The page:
On Wednesday, the House of Representatives Committee on Financial Services will hold a hearing focused on “Oversight of Prudential Regulators: Ensuring the Safety, Soundness, Diversity, and Accountability of Depository Institutions.” Among other financial services regulators, the National Credit Union Administration Chairman will be testifying.
Traditionally these hearings focus on the important role of taxpaying banks, but we thought the Committee might ask a few questions of the NCUA as well. After all, many large tax-exempt credit unions, which were granted their tax-free status in order to focus on small means consumers, have continued their campaign to tilt the current unlevel playing field further in their direction.
Some questions might include:
Is it appropriate that large credit unions continue to buy tax-paying banks across the country and remove them from federal tax rolls? Since credit unions are exempt from the Community Reinvestment Act (CRA), does NCUA consider the impact of these transactions on local communities?
As regulators look to modernize CRA, shouldn’t they ensure all financial institutions, including credit unions are accountable for serving financially disadvantaged and under-banked people? If the core operating principle of the industry is “people and not profits,” doesn’t it make sense to ask credit unions to operate within CRA guidelines? Or, short of that, would NCUA support new legislation that would impose similar regulatory requirements on credit unions?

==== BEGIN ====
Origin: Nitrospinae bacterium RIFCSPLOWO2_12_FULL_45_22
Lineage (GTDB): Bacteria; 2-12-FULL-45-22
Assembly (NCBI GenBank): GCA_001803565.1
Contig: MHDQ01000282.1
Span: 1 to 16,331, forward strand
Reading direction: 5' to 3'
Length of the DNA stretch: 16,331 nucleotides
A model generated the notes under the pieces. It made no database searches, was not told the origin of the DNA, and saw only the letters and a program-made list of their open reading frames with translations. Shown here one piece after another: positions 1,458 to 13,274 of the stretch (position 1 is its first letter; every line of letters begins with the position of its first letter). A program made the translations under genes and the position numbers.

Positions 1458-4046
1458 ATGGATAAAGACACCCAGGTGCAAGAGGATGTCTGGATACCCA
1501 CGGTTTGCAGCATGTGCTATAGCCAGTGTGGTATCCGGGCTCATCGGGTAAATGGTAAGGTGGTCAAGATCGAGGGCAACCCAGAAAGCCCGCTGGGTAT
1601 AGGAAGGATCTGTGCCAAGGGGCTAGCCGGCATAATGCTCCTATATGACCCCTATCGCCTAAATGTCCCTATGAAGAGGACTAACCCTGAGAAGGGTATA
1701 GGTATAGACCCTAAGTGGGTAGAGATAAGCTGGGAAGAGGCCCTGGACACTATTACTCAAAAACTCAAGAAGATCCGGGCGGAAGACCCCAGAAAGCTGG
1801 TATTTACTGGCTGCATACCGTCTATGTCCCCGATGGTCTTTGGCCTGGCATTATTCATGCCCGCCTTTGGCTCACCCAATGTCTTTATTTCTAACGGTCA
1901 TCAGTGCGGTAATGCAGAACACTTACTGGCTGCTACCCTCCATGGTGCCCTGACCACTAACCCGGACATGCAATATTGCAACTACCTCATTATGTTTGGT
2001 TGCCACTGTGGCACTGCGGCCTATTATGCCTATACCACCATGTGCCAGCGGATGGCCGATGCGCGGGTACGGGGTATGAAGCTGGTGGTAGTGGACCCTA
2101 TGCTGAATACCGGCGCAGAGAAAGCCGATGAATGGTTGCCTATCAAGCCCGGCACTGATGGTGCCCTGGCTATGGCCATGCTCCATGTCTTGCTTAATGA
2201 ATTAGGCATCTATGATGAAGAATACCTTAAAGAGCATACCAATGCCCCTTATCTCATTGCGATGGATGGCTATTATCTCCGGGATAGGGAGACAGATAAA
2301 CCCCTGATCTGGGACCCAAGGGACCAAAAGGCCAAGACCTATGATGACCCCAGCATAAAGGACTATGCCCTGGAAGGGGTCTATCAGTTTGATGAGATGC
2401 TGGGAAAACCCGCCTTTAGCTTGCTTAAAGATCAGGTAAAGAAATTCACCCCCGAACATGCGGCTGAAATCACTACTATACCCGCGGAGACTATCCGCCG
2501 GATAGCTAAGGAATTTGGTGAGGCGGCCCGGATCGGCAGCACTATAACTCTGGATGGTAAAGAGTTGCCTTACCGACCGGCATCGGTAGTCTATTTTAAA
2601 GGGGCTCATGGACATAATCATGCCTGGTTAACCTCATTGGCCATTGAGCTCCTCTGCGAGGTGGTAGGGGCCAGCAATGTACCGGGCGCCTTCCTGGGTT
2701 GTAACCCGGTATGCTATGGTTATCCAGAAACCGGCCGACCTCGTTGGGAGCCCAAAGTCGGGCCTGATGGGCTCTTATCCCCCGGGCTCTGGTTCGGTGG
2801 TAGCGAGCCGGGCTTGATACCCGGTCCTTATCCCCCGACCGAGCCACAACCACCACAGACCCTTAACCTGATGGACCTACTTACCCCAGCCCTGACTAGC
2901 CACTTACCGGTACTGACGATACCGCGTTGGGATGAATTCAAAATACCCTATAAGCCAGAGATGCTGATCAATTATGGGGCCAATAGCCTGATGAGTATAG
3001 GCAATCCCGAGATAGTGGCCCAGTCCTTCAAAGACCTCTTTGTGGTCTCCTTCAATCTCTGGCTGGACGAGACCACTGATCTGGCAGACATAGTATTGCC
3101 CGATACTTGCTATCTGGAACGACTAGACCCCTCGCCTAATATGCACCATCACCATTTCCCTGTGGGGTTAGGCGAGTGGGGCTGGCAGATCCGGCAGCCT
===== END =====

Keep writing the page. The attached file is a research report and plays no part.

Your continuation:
Could allowing credit unions to issue debt to outside investors raise safety and soundness concerns? Could it create a profit motive for supposed “not-for-profits”?
Does expanding the powers of credit union service organizations (CUSOs) to allow unfettered and untaxed access to consumers mesh with the mission and purpose of the Federal Credit Union Act? CUSOs nearly brought down the credit union system during the financial crisis, yet NCUA still does not have the authority to supervise them. Does the NCUA support a bill currently pending in Congress that would give the agency authority to do just that?
When it comes to credit unions ensuring consumer protections, what is NCUA doing to address the comments that its Chairman made earlier this year to an industry trade group:
“In 2020, NCUA examiners completed targeted reviews in all risk-focused and small credit union examinations to evaluate compliance with various consumer financial protection laws and regulations. The NCUA then performed quality control reviews on randomly selected examination reports. We observed several issues suggesting that some credit unions may not be paying attention to consumer financial protection as closely as warranted.”
These are just a few questions for the Committee to consider asking the NCUA Chairman as he attempts to regulate America’s credit unions.